29 Ellensborough Grove, Kiltipper, Dublin 24 Asking price: €750,000 Agent: Sherry FitzGerald (01) 4140004
When Jools Hannon was four, his mother would drop him off at a furniture factory for the day.
“My uncle owned it and if she needed child care she used to drive around there, hand me in to him and say, ‘can you look after him for the day?’ I absolutely loved that world.”
“There were old guys with mouthfuls of tacks spitting them out onto the heads of magnetic hammers to whack into chairs. They were amazing to watch. They wouldn’t use staple guns because they said it would ruin the craft.”
Having osmosed that handmade craft ethos from childhood, designer Jools would later have his own furniture factory along with his partner, the fashion and interior designer Gail O’Hanlon.
Their designs have been exported all over the world with clients in New York, San Francisco, Zurich and Brussels. Today the Irish sculptural furniture designers’ work can be found in private collections and in the best hotels.
Award-winning Hannon is probably best known for his radical collection of wildlife inspired sculptural chairs which include the rather alive looking leather patchwork ‘Merlin’ chair with its curly tail or ‘Willow’, a sumptuous polished leather seat with horns protruding from the back, both sold through Chi.
On the other hand, when Gail was four years old she was hosting art galleries in the hall of her family home and designing clothes for her dolls. O’Hanlon would go on to have her own retail fashion lines.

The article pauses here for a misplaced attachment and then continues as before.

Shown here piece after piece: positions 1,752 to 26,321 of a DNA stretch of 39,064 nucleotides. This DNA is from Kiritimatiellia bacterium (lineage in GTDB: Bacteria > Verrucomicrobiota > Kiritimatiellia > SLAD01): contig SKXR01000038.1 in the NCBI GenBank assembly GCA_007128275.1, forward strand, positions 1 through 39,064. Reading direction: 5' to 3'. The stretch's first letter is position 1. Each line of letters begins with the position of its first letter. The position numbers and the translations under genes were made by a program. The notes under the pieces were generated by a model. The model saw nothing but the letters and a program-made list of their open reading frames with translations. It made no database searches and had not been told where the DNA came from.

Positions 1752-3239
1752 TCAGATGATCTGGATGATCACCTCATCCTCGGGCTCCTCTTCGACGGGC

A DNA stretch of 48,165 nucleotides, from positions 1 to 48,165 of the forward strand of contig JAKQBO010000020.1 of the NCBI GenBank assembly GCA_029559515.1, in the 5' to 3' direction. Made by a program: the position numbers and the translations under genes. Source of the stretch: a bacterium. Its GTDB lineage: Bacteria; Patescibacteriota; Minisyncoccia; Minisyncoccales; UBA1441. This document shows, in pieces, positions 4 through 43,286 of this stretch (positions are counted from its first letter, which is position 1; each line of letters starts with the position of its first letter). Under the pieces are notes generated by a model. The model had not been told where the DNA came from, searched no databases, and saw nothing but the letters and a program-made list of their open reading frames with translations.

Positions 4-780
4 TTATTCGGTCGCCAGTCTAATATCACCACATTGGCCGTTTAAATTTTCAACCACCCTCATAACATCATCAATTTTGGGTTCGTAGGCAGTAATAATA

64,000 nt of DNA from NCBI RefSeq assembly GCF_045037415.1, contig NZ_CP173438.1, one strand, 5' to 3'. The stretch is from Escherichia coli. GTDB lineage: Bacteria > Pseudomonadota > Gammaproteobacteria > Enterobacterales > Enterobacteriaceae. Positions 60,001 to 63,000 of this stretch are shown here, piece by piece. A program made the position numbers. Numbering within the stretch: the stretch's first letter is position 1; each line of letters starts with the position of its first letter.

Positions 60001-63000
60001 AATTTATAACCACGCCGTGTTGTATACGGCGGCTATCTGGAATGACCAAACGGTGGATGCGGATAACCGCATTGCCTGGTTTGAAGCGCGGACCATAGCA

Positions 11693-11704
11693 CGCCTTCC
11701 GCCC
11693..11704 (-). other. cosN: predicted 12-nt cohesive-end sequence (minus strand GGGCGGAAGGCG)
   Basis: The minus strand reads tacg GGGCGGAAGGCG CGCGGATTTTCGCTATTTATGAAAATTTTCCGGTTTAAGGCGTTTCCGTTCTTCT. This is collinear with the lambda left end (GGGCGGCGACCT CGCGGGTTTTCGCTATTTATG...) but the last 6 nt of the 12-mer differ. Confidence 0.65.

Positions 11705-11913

Later the two would work together, in a business providing a complete all-in furniture and interiors service.
The first and only house they bought together was the Durkan-built detached red brick at 29 Ellensborough Grove in Dublin’s Kiltipper which they moved into new back in 1999.
“We loved the area, right at the foot of the Dublin mountains and three minutes away from beautiful walks around the Bohernabreena Reservoir and further into the hills,” says Gail.
In recent years the couple have taken a step back. Having run a design house and related furniture factory for years, they have reverted back to slow craft.
“We were doing eighty hours a week and one day we just said ‘what are we doing here, life is passing us by,’” says Jools. Instead, today both work instead on a scaled down made-to-order basis for selected clients.
So what happens to a Dublin suburban estate house when it becomes home to two dedicated crafters, designers and creatives who are always casting a critical design eye on what they see?
“To be honest, we’ve changed absolutely everything. And I mean everything,” says Gail. “We’ve remade it with bespoke everything.”
From the doors to the skirts, to the kitchen, to the bathroom, the furniture, the crafty couple have bespoken the lot. To the degree that over two decades No29 has likely become Ireland’s most bespoke estate house.
Among the key touches are Gail’s underfloor heated dream bathroom with a double height ceiling to the rafters. Four monk statues of four feet high overlook the standalone scoop tub which has views to the mountains.